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Human Rights in Ireland >>
International - Event Notice
Friday March 08 2013
March For Marian Price on International Women's Day
rights and freedoms |
Thursday February 14, 2013 10:58 by BrianClarke - AllVoices
On the 4th of January, 1969 Irish civil rights protesters from People's Democracy which included the Price sisters suffered a brutal attack from around 200 lyalists armed with iron bars, bottles and stones at Burntollet Bridge in a march from Belfast to Derry. It is an important day in history in that for many, in that it was the start of the troubles in Ireland with a number of young women savagely beaten which included the price sisters. Beaten into the river, it was a baptism of fire for the two young teenagers.
March For Marian Price on International Women's Day
The march was repeatedly attacked by loyalists including off-duty members of the British forces along its route.The march was based on the Selma-Montgomery march in Alabama in 1966, which had exposed the racist thuggery of America's deep South and forced the US government into major reforms. This march exposed the the deep rooted sectarianism of British mentored loyalism which is still, vindictively, politicall, interning Marian. The following are some marchers recounting their experiences.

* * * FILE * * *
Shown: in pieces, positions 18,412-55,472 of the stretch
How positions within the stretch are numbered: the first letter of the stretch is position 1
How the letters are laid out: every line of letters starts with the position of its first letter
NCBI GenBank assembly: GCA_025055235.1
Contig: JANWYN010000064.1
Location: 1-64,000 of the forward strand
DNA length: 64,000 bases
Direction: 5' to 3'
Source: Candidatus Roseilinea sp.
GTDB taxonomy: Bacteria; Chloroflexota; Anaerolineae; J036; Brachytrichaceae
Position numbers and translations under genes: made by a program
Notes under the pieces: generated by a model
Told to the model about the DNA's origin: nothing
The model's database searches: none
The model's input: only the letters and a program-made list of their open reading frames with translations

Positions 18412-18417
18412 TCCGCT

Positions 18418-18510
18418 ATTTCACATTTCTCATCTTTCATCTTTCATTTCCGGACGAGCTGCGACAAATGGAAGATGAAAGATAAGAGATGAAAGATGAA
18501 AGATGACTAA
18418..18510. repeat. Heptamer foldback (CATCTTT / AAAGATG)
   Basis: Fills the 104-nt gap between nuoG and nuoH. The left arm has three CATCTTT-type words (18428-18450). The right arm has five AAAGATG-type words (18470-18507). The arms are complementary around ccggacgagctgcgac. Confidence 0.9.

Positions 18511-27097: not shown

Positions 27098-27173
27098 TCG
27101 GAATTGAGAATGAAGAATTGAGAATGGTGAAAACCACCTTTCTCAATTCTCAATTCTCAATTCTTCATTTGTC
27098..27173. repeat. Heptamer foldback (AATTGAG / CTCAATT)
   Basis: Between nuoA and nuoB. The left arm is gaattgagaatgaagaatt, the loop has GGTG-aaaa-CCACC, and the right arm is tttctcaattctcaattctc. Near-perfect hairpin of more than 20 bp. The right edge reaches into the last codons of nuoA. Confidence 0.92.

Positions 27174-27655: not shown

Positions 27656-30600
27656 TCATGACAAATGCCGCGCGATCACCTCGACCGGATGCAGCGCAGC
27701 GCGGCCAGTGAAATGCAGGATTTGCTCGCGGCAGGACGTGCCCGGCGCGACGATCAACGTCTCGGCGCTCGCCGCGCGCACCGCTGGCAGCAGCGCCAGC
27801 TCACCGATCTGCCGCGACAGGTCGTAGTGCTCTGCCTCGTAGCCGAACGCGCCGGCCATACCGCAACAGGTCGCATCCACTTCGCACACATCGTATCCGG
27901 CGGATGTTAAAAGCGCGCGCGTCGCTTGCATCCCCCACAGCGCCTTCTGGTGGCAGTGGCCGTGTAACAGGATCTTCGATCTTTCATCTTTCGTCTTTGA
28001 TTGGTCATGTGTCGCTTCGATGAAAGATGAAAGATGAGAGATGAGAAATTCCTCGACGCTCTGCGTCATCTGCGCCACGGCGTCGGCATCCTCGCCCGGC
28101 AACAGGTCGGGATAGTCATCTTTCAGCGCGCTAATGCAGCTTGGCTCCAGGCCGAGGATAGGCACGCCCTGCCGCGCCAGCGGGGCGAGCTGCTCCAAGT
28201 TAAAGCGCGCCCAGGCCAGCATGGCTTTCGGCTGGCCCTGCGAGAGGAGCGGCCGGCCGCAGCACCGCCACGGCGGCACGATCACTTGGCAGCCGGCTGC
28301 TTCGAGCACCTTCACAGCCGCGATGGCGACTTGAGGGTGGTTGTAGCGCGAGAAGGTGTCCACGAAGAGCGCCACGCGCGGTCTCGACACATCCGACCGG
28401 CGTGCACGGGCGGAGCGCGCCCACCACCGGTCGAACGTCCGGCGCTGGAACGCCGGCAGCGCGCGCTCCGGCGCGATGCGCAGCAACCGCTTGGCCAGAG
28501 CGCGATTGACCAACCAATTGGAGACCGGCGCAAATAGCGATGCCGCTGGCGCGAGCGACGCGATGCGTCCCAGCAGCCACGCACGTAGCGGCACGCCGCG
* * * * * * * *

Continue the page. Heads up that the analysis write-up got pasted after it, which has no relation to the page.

"Available police forces did not provide adequate protection to People's Democracy marchers at Burntollet Bridge and in or near Irish Street, Londonderry (sic) on 4th January 1969. There were instances of police indiscipline and violence towards persons unassociated with rioting or disorder on 4th/ 5th January in Londonderry (sic) and these provoked serious hostility to the police, particularly among the Catholic population of Londonderry (sic), and an increasing disbelief in their impartiality towards non-Unionists.
"Loyalists viewed the People's Democracy and the march as another attempt to undermine the Unionist government of Northern Ireland. A number of leading Loyalists, including Ronald Bunting and Ian Paisley, had indicated in advance of the march that they would be calling on 'the Loyal citizens of Ulster' to 'harrass and harry' the four-day march.